The Power is Now

A Crisis In The Making! 3.2 Million Homeowners At Risk of Losing Their Homes

Homeownership Program

Joblessness all across the country remains high and millions of people report that they are still unable to meet their family’s basic needs. In addition, many more report that they are not caught up on their monthly rent payments. The coronavirus has devastated the lives of many both economically and socially but more prevalent in minority communities (blacks, Latino, indigenous, and immigrants). The disproportionate impact on these groups indicates the hardships and the longstanding inequities that not only await them, but also, what they’ve had to go through often as a result of structural and institutional racism in education, employment, health care, and housing.

Speaking of housing, a most recent report by the Urban Institute indicates that although millions of Americans have recovered from the pandemic financially and are now back on track with their mortgage payments, there still remains some disturbing data. The report indicates that as of November 2020, some 3.7 million homeowners who had entered into forbearance since the onset of the pandemic had exited. But, about 3.2 others continue to struggle. This number includes 2.8 million homeowners who are still very active in forbearance and some 369,000 homeowners who are delinquent on their mortgages.

The report further indicates that some of the homeowners who are in the forbearance program have reached their sixth month. This will require them to exit the programs or request an extension.

This shows that millions of households are just one step away from becoming homeless. The American Rescue Plan Act which was enacted on March 11 seeks to reduce poverty and narrow these disparities by race. It is a step in the right direction and any action taken with an aim to reduce hardship especially among the children is a hopeful step for the country.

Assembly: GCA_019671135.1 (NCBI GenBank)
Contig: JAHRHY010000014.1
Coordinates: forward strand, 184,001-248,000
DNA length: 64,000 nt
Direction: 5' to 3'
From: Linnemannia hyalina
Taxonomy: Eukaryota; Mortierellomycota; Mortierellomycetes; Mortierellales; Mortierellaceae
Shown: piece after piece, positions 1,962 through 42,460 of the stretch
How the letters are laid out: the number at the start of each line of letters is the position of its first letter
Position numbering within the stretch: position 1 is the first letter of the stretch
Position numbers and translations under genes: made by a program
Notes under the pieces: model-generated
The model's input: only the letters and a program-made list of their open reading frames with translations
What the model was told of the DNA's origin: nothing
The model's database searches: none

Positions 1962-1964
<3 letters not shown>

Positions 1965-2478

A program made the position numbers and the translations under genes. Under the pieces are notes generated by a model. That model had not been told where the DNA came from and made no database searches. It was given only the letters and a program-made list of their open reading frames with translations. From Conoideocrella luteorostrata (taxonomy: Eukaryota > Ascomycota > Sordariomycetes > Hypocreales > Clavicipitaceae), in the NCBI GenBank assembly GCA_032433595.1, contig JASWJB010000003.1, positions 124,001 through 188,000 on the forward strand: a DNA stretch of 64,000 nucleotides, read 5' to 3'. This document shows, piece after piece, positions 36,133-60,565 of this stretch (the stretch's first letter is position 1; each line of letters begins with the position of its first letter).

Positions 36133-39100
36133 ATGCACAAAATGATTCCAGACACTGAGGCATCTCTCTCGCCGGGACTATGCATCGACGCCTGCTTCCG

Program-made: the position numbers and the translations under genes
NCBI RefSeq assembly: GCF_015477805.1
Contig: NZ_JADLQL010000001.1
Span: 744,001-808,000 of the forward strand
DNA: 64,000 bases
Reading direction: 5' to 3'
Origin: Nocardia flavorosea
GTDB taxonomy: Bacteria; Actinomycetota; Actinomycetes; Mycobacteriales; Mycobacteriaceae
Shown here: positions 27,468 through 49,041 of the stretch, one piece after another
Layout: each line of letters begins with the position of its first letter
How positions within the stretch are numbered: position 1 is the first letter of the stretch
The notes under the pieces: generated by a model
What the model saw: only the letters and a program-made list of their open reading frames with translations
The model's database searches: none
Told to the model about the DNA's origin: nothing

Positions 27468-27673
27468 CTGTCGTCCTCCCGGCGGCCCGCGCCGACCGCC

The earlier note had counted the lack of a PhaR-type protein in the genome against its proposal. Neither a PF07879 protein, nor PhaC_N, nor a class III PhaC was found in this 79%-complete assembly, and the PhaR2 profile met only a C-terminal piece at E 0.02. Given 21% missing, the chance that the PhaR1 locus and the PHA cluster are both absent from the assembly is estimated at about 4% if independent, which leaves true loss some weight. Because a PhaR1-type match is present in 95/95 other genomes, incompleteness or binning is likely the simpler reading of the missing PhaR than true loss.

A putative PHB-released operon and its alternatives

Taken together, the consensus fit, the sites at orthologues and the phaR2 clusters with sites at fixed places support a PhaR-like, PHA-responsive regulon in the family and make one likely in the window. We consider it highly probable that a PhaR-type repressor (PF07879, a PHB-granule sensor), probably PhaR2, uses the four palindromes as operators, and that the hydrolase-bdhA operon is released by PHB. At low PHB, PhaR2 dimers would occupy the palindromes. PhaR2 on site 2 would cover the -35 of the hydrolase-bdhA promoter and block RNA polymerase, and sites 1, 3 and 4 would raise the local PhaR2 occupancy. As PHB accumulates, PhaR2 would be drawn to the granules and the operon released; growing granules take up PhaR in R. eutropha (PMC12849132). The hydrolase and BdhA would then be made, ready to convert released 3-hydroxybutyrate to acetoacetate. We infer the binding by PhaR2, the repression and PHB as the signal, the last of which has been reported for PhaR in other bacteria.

Data continues to show and support that a good number of these homeowners risking their homes are not pursuing any measure to counter the loss perhaps due to the lack of awareness of repayment options. The issue of disparities keeps coming up whereby it has been proven that many minority communities face stark disparities in their attempt to housing payment status.

Where Do We Go From Here?

A survey launched last year in April by the Census Bureau, dubbed Household Pulse Survey shows how unprecedented the health and economic crisis can be to a nation. The survey which is one among many including one from the Census Current Population Survey and the Department of Labor shows that millions of Americans are jobless and are struggling to make ends meet. So if they are struggling to afford a meal, how can they afford a shelter? How can we help them?

Active Campaigns Must Be Held

There needs to be an active campaign to reach out to the 775,000 borrowers who have become delinquent since the outbreak of COVID-19 and are behind with their payments. About 476,000 of these borrowers soon after leaving forbearance became delinquent and another 299,000 did not make it to forbearance. While it is encouraging to see that about 85percent of the borrowers who became delinquent soon after coming out of forbearance are engaging servicer for a loss mitigation measure, 15 percent of the borrowers are yet to initiate any loss mitigation measures. That’s not all, the number of borrowers coming out of forbearance is about to grow which in turn puts more borrowers at risk of falling delinquent on their mortgages.